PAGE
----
In writing about watching Ingmar Bergman’s “Persona” again after the elapse of decades, I mentioned that it and “L’année dernière à Marienbad“ (Last Year at Marienbad ), directed by Alain Resnais (who died yesterday at the age of 91), were the favorite films for cineastes of the 1960s and 70s to debate/interpret. (I should have added films Michelangelo Antonioni directed at the beginning and end of the 1960s: ” L’aventurra ” and “Blow Up.”)
I remember being very proud of developing an explanation of “Marienbad” in a 1972 paper I wish I could find, or at least wish I could remember what was my point. Watching it again on the superb print offered in a Criterion Collection edition, I find “Marienbad” fairly irritating, but less opaque than, for instance, subsequent films made by Andrei Tarkovsky, Hou Hsiao Hsien, Tsai Ming-Lang, and David Lynch. (Its influence on Kubrick’s adaptation of The Shining and the poor man’s memory refraction film, Christopher Nolan’s “Memento” are obvious.)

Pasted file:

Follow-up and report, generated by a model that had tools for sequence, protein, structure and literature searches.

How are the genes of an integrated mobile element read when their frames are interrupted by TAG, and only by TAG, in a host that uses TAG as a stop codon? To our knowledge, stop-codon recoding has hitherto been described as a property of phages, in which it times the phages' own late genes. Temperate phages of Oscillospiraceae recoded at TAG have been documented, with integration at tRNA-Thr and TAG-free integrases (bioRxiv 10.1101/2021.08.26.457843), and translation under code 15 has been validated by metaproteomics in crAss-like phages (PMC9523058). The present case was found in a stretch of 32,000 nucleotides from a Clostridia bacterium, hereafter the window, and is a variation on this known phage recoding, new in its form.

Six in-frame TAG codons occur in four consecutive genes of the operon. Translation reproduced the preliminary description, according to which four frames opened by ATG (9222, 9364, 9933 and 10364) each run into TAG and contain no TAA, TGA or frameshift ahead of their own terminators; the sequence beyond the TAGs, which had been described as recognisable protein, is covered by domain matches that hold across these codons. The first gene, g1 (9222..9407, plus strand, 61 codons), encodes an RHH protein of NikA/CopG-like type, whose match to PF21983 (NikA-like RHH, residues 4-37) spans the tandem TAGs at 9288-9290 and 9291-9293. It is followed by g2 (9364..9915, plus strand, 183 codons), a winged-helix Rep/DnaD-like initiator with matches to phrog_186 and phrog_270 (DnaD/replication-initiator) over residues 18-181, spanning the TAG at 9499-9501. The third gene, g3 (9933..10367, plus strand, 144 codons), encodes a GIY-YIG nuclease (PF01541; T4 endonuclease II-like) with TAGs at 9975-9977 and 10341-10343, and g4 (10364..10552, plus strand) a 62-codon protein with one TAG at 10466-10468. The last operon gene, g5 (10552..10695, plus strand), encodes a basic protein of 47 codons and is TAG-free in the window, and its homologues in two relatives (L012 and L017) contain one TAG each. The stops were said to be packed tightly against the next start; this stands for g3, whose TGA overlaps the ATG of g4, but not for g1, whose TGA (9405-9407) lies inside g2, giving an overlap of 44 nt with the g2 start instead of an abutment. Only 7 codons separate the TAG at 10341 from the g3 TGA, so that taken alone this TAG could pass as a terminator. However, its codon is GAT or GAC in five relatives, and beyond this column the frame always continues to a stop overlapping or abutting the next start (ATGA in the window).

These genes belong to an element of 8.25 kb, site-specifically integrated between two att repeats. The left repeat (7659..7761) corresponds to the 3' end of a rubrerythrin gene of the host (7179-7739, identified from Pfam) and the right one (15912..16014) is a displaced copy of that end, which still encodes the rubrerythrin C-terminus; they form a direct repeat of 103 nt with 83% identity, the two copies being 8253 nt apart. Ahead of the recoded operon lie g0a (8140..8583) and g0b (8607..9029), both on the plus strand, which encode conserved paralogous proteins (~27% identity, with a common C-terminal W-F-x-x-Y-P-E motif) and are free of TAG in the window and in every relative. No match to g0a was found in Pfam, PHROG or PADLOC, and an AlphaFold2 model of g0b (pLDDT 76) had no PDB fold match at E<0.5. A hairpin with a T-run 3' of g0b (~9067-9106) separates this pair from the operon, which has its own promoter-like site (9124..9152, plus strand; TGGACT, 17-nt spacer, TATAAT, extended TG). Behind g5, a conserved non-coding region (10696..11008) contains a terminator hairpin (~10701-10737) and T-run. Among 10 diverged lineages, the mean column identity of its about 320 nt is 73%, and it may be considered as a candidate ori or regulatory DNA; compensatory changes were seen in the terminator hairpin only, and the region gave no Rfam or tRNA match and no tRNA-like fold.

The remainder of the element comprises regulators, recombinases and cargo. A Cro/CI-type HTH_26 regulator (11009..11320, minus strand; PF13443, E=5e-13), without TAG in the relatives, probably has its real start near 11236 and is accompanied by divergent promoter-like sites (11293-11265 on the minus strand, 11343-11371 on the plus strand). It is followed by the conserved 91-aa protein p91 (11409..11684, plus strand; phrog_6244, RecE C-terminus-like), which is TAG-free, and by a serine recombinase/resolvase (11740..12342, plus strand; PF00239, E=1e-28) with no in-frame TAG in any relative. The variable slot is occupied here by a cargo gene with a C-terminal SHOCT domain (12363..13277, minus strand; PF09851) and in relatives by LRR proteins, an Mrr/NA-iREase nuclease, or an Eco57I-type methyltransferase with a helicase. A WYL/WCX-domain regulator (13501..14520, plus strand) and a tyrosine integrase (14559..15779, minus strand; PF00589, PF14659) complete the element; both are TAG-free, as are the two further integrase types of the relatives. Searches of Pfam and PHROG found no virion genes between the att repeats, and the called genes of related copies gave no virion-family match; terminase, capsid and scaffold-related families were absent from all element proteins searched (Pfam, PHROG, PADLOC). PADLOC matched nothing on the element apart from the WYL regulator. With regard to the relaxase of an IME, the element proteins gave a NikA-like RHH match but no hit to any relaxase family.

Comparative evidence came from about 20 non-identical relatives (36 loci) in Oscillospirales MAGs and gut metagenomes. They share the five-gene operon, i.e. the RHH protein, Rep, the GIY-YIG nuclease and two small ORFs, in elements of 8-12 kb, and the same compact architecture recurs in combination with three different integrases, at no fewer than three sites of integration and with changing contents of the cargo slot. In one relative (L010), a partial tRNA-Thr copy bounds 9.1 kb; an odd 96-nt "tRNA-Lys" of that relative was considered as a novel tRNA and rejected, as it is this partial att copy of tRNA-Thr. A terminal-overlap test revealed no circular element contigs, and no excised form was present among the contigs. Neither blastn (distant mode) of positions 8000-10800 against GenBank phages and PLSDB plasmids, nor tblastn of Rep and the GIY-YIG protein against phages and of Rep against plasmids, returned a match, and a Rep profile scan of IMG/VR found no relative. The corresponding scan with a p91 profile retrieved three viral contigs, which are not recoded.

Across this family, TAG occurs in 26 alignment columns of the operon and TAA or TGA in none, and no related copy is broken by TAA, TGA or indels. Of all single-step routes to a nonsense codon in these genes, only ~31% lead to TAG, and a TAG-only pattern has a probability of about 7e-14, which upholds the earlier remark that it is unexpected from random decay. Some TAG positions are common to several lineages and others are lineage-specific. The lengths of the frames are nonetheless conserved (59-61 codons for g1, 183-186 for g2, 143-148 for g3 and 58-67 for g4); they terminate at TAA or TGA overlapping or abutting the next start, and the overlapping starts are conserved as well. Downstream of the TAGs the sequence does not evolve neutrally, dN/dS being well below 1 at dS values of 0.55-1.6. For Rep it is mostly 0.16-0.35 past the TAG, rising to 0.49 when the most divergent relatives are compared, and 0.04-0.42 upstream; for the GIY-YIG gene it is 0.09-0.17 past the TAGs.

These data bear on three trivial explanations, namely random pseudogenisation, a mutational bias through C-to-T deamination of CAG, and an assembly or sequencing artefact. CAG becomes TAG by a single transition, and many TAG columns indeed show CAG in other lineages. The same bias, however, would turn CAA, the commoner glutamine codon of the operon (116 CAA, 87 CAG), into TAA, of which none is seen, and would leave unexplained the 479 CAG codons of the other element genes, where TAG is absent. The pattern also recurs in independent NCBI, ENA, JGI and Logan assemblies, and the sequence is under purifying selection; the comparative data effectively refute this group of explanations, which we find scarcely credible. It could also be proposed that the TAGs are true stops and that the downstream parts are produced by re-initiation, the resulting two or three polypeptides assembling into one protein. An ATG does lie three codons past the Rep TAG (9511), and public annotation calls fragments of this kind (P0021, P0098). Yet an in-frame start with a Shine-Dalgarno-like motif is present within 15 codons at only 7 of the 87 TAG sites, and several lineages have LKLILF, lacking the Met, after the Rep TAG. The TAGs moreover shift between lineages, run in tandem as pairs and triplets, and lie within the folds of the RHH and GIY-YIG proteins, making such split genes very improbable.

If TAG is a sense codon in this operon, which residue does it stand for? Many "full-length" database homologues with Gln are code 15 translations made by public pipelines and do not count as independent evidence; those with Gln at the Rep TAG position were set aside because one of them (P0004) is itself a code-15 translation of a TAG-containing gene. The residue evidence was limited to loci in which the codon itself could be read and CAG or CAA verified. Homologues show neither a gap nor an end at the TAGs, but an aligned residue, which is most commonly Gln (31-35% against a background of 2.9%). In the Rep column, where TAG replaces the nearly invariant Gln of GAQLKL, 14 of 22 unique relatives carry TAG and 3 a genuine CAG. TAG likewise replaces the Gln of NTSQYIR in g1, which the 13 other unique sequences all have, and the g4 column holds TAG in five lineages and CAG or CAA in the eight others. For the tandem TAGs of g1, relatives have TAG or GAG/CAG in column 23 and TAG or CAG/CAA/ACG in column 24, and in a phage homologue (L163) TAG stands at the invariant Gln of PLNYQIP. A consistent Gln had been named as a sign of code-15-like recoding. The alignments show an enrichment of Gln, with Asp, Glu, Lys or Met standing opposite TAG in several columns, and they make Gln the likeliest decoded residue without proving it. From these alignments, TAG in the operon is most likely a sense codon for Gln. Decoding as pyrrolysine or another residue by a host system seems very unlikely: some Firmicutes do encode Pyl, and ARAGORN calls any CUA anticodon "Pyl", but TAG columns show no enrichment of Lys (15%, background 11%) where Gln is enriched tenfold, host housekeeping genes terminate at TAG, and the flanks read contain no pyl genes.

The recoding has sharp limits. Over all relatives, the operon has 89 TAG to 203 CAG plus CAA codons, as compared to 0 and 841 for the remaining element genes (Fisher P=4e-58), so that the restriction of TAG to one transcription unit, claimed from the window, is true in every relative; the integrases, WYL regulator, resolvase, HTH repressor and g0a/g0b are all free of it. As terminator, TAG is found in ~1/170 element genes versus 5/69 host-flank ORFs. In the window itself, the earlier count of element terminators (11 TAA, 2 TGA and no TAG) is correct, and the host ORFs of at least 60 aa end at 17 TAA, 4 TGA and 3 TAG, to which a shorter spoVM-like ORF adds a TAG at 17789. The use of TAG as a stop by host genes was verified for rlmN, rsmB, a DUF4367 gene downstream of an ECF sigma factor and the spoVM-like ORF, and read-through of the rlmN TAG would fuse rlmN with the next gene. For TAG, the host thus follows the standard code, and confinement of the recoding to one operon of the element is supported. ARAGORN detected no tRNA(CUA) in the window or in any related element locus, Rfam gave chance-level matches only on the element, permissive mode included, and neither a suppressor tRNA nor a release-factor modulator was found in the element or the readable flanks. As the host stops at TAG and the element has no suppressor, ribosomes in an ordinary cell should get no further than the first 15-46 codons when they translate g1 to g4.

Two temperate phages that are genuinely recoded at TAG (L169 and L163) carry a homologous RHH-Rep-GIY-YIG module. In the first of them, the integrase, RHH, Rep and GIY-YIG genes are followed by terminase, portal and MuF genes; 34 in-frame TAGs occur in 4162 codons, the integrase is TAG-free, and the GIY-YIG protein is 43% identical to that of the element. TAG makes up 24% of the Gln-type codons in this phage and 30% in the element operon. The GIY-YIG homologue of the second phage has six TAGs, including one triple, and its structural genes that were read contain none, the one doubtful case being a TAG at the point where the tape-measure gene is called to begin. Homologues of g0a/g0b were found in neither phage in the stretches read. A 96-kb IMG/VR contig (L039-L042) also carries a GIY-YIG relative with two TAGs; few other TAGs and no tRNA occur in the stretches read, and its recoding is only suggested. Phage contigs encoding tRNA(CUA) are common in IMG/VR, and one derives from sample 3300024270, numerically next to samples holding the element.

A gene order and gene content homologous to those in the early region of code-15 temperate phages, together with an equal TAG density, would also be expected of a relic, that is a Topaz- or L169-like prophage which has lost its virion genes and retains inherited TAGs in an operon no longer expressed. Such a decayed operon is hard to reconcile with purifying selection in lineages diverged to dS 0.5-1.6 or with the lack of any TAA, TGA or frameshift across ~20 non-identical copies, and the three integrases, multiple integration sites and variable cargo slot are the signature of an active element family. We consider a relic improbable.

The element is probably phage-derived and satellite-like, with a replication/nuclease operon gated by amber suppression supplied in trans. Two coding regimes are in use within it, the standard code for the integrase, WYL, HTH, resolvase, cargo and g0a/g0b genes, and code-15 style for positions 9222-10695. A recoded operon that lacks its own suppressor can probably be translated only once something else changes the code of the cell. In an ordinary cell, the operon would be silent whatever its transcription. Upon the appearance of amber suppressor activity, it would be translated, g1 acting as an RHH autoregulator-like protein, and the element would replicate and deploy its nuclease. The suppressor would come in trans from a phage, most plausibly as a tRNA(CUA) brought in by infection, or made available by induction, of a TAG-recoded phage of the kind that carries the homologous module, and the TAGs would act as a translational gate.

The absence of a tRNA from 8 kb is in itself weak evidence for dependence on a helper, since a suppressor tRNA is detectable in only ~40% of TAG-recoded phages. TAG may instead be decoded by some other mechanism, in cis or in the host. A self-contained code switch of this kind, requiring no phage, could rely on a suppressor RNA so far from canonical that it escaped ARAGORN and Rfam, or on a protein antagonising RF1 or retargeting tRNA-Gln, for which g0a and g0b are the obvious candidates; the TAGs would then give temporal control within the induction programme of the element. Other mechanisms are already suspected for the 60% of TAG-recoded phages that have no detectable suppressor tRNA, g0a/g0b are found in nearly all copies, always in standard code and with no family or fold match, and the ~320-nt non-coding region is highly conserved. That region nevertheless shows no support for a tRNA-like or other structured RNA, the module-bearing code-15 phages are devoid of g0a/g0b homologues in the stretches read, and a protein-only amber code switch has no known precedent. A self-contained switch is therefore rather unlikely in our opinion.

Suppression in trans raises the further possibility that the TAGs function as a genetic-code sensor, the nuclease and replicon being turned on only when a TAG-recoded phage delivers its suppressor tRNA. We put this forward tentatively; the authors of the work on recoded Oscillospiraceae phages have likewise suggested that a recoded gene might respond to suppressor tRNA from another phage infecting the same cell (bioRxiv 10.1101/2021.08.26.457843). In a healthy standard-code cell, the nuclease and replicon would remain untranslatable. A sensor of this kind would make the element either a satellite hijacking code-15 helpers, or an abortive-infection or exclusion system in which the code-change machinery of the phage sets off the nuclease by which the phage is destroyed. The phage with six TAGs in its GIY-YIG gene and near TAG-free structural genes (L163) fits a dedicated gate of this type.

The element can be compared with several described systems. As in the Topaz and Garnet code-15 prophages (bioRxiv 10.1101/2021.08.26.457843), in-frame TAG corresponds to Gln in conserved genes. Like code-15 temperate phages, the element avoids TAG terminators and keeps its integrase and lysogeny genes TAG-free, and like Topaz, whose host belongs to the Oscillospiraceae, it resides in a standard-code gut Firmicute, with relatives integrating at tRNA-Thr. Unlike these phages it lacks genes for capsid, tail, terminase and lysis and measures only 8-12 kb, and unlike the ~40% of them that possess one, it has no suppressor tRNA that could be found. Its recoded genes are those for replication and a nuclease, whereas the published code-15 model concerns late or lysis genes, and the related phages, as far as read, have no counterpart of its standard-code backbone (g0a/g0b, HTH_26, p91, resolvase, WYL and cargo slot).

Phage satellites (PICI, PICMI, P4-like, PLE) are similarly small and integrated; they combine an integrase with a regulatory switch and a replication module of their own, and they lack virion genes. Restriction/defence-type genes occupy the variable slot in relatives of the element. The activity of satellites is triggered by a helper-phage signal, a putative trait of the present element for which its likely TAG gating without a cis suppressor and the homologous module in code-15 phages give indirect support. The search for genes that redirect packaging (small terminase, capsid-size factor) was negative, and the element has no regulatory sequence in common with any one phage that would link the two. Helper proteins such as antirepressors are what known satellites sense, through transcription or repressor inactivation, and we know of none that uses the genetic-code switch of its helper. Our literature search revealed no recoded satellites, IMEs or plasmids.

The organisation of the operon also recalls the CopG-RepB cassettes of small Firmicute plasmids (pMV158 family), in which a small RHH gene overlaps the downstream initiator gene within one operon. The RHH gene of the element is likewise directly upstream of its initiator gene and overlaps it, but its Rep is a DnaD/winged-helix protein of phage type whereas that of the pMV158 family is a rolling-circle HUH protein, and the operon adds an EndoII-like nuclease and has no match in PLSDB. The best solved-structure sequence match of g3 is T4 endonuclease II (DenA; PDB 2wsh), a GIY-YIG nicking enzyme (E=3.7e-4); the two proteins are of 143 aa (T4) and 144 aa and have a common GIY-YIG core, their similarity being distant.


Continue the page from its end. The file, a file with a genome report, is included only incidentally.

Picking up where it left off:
I don’t think it is a recasting with a happy ending of Orpheus’s failed retrieval of Eurydice from the Underworld, and can’t really evaluate the extent to which the film derives from Argentine writer Adolfo Bioy Casares’s 1940 novel, La invención de Morel (The Invention of Morel, recently republished in the New York Review Books series), not having read that book. I own, but have not recently reread, the screenplay. Nouveau roman (the now long-ago “new novel” purged of plot and motivation if not entirely purged of characterization) champion Alain-Robbe Grillet (1922-2008) wrote a very detailed script, including the very repetitious spoken (intoned) evocation of a gloomy baroque palace/hotel (cobbled together from palaces around Munich: Amalienburg, Nymphenburg, and Schleissheim-but not Marienbad, which was inaccessibly behind the Iron Curtain in communist Czechoslovakia in 1960). Though there are also very repetitious shots of interiors, exteriors, and the enigmatic Delphine Seyrig (who also starred in Resnais’s “Muriel” and Truffaut’s “Stolen Kisses”), the camerawork of Sacha Vierney (who had also shot “Hiroshima, mon amour” and would later shoot “Belle de jour” and, later still, “The Pillow Book”) and Philippe Brun is very, very fluid. For me, his cinematography, the costumes (by Chanel), and the art direction (Jacques Saulnier’s) are the stars of the film.